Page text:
The United States Patent and Trademark Office (“USPTO”) published its final rules in the April 3, 2013 Federal Register in preparation for adopting the new USPTO Rules of Professional Conduct (“USPTO Rules”). These new rules seek to conform the ethical obligations for representing others before the USPTO to the ABA Model Rules of Professional Conduct, which have been adopted in some form by every state (except California) and the District of Columbia. This is significant for any patent practitioner that has a USPTO registration number. On the one hand, these updated USPTO rules are welcome news for attorney practitioners, because currently such individuals are required to know and abide by the ethics rules of the state or jurisdiction in which they practice. Because the USPTO had been operating under the Patent and Trademark Office Code of Professional Conduct, which was based on the former ABA Model Code from 1980, patent attorneys were required to maintain adherence to two different sets of ethical obligations. On the other hand, non-lawyer patent practitioners (patent agents) will now be subject to these new rules, even though they may not be aware of the differences and subtleties of the ABA Model Rules. It will be important for these individuals to become accustomed to these new USPTO Rules, especially where they differ from the previous Patent Office Code.
Confidentiality of Information -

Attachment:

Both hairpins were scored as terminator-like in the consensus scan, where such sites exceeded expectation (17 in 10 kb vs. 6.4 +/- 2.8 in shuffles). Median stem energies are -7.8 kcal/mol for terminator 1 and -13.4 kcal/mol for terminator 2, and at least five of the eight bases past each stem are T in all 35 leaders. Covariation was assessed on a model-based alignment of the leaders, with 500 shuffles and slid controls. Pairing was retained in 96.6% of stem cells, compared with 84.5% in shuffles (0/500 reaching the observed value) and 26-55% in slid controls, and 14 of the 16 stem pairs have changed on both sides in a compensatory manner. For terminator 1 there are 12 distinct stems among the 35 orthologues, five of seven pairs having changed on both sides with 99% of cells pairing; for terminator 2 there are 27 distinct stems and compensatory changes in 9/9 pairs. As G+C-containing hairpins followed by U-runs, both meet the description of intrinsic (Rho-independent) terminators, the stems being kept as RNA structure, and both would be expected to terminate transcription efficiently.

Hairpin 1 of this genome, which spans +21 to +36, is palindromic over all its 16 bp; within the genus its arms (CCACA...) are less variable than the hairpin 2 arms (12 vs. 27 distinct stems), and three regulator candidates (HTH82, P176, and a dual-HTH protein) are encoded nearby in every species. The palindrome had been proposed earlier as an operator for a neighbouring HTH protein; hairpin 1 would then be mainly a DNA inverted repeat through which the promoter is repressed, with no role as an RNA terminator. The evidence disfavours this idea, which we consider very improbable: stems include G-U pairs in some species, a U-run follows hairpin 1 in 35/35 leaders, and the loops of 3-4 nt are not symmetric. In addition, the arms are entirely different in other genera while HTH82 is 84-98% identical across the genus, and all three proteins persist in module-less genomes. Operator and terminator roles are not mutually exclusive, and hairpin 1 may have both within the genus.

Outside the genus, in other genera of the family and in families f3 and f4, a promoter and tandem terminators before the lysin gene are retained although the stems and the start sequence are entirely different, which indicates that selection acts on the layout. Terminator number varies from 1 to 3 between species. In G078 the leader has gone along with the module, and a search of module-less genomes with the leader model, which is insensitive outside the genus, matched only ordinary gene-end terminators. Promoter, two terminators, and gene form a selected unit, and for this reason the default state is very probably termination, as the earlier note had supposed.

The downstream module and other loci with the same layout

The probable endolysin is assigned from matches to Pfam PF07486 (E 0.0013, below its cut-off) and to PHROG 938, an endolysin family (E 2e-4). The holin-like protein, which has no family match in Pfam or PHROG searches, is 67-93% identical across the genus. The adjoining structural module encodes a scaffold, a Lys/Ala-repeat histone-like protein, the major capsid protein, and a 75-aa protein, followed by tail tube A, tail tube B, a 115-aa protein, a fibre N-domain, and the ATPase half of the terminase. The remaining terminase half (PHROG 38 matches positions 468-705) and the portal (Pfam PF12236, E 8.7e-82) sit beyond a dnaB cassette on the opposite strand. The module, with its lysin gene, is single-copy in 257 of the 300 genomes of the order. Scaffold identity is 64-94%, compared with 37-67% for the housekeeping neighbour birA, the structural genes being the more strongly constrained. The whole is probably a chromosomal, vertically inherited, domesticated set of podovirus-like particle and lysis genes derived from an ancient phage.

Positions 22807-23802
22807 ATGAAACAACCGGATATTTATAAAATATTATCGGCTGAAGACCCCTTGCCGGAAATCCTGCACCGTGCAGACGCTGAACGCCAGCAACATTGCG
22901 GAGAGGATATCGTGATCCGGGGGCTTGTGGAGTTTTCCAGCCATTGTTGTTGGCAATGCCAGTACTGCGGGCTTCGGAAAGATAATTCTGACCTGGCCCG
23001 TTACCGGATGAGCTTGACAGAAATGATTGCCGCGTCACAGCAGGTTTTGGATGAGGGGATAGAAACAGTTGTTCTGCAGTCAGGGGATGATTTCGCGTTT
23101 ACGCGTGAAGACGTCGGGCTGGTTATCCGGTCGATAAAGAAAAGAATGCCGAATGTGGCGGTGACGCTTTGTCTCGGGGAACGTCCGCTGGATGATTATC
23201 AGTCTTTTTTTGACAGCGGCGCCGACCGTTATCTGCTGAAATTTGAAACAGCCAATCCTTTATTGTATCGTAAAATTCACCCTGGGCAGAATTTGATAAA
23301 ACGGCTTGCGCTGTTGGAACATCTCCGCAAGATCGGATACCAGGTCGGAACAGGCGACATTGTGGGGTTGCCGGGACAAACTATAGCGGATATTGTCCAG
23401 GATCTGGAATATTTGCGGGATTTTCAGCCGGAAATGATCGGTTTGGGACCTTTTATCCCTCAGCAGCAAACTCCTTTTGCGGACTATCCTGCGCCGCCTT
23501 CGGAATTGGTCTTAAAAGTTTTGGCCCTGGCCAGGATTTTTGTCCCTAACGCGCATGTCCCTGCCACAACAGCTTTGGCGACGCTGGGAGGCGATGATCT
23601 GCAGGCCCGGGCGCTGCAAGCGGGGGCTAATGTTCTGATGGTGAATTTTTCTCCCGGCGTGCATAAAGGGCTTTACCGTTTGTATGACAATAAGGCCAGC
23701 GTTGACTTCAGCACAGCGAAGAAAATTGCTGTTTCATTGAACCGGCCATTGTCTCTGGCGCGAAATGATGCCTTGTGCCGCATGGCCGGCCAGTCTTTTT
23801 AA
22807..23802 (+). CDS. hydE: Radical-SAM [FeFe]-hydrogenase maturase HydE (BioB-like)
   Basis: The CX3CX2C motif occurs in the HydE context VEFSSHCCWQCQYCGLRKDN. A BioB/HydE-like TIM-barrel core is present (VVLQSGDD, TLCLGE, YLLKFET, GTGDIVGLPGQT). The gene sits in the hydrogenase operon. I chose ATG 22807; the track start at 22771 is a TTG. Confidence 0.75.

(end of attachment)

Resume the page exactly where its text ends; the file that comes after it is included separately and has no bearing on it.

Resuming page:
One of the most significant changes in the new USPTO Rules relates to the handling of a client’s confidential information. New rule § 11.106, which is based on ABA Model Rule 1.6, states that a practitioner shall not reveal a client’s confidential information without informed consent, implied authorization, or permission under the rules. Both the new USPTO Rules and the ABA Model Rules include circumstances in which a practitioner “may” reveal such confidence, such as disclosing information that may prevent death, bodily harm, or fraud. It is important to note, however, that even in the cases where death, bodily harm, or fraud may result, the practitioner is still not required to reveal such information, but rather has permission to do so. The new USPTO Rules diverge from the ABA Model Rules in one important respect: the new USPTO Rules at § 11.106(c) includes a type of information that is mandatory to reveal: “A practitioner shall disclose to the Office information necessary to comply with applicable duty of disclosure provisions.” In other words, under this proposed rule, a finding that relevant information was intentionally withheld by a practitioner involved in the prosecution of an application will not only subject a patent to becoming unenforceable, it will result in an ethical violation by the practitioner.
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